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The Road to Nowhere 

As highway money dries up, House District 18 battle heats up

The money is gone.

Just 10 months ago, Colorado's Department of Transportation updated its promise to spend $508 million voter-approved dollars on two key highway projects in El Paso County.

This week, the Pikes Peak Area Council of Governments was knocked cold when it was notified that the money -- earmarked to pay for Interstate 25 improvements and a Powers Boulevard expansion -- has been suspended for at least seven years.

Meanwhile, the Denver Metro area's massive T-REX I-25 highway-widening project has received an injection of a quarter of a billion in unexplained dollars.

The news is not good for Republican Dan Stuart, who is currently battling Democrat Michael Merrifield for the state House of Representatives. During the campaign, Stuart has highlighted the expertise he gained while serving for the past six years on the state transportation commission that oversees highway funding across Colorado.

In fact, Stuart has bragged that he has brought our fair share of transportation tax dollars home to El Paso County -- long a sore point among local political and business leaders and frustrated commuters, who gripe that El Paso and Teller County tax dollars have ended up paying for Denver-area highway projects.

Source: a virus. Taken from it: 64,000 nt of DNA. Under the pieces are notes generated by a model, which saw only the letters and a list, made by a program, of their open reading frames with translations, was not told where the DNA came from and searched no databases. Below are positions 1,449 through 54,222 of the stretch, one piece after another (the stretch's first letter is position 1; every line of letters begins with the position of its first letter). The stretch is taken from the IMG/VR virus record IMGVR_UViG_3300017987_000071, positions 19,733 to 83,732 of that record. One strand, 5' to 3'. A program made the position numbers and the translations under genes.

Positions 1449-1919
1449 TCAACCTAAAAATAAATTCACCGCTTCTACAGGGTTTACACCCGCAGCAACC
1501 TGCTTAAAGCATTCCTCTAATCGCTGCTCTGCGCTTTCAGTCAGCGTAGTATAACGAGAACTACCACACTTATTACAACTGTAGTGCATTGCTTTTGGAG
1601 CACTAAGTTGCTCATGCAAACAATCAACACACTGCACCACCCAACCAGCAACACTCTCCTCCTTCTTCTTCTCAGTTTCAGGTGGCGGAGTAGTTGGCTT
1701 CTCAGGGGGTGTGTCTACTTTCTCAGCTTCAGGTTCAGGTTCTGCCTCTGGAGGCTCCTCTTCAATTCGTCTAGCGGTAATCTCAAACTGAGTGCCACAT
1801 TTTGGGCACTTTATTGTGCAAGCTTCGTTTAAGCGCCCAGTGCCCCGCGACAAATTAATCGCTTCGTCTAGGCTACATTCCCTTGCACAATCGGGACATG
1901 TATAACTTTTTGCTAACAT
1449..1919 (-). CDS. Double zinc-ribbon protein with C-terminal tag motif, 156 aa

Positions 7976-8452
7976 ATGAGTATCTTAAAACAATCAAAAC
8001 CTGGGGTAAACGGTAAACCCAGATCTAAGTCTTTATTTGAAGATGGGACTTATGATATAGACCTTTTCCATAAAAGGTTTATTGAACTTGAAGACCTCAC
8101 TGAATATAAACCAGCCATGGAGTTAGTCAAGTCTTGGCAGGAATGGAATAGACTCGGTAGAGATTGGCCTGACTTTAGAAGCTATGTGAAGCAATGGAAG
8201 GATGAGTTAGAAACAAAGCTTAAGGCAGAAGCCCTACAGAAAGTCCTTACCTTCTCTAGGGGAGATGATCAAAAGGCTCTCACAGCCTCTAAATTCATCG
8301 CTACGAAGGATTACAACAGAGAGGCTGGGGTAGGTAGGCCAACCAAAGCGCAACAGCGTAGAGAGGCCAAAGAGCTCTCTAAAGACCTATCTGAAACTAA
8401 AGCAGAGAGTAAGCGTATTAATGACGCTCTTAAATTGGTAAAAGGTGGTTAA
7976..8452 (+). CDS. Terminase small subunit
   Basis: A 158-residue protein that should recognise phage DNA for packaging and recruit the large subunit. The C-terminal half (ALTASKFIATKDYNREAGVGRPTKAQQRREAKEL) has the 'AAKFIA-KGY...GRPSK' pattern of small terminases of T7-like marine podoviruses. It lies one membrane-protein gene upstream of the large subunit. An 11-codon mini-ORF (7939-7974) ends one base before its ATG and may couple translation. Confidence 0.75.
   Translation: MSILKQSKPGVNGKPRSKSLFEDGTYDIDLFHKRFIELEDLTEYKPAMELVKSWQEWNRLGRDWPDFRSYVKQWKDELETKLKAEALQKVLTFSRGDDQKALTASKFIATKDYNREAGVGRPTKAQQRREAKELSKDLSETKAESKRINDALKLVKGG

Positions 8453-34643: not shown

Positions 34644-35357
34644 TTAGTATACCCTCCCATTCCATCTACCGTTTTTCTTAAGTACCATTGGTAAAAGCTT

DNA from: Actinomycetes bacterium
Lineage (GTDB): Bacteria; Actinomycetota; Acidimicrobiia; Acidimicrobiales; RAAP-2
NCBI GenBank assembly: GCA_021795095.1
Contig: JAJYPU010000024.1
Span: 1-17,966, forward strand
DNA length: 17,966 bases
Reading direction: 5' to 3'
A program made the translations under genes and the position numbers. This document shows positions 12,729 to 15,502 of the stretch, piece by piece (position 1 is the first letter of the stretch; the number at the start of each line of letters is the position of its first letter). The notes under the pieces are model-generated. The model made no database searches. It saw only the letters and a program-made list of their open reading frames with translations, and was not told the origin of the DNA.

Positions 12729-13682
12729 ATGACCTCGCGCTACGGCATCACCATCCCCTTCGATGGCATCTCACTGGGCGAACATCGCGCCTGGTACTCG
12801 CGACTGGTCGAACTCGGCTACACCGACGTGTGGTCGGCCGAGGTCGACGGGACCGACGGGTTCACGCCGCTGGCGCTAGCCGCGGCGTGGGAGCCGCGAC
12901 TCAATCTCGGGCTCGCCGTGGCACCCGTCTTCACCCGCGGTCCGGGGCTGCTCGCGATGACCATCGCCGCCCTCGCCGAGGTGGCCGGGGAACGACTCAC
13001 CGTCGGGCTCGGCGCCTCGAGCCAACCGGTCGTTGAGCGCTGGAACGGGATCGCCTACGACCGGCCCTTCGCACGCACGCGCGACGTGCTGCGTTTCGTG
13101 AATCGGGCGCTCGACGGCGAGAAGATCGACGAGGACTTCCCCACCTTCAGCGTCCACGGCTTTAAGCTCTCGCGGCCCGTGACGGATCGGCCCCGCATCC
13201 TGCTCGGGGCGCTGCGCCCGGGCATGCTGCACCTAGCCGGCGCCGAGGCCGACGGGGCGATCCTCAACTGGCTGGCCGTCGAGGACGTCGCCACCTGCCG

Projects on hold

Three years ago, following a heavily promoted campaign led by Gov. Bill Owens, Colorado voters approved a statewide referendum called TRANS. The bond measure was designed to dispel the Denver-is-favored perception and promised funding for 24 highway projects all over the state.

Three of those projects were in El Paso County -- including $220 million to extend Powers Boulevard, $212 million to relieve congestion along I-25 and a $342-million project to widen I-25 from South Academy Boulevard to Briargate Parkway. The TRANS bond measure was designed to carve years off of the projects' estimated completion dates.

Currently, the I-25 widening project is nearly completed. But, as of this week, funding for the other two have officially been zeroed out by the Colorado Department of Transportation for at least seven years, said Fred Van Antwerp, director of the Pikes Peak Area Council of Governments, a consortium of government agencies in the region.

"We were told the TRANS money has been depleted, the economy is in the tank and there will be no new [Colorado general fund] money until 2009 or 2010," Van Antwerp said.

The shell game

When presented with these latest figures, Stuart maintained that, even though the $508 million in promised funds has been delayed for at least seven years, El Paso County will eventually receive the funds.

"The projects are committed, the funding has been committed," he said.

However, Stuart was unclear over another matter that has recently sparked interest among several board members of the PPACG, which this week honored Stuart for his six years of service representing El Paso County on the 11-member transportation commission.

Specifically, according to figures compiled by the state transportation department, Denver's massive T-REX highway project has received an additional $250 million over and above the amount that voters approved for the project in 1999.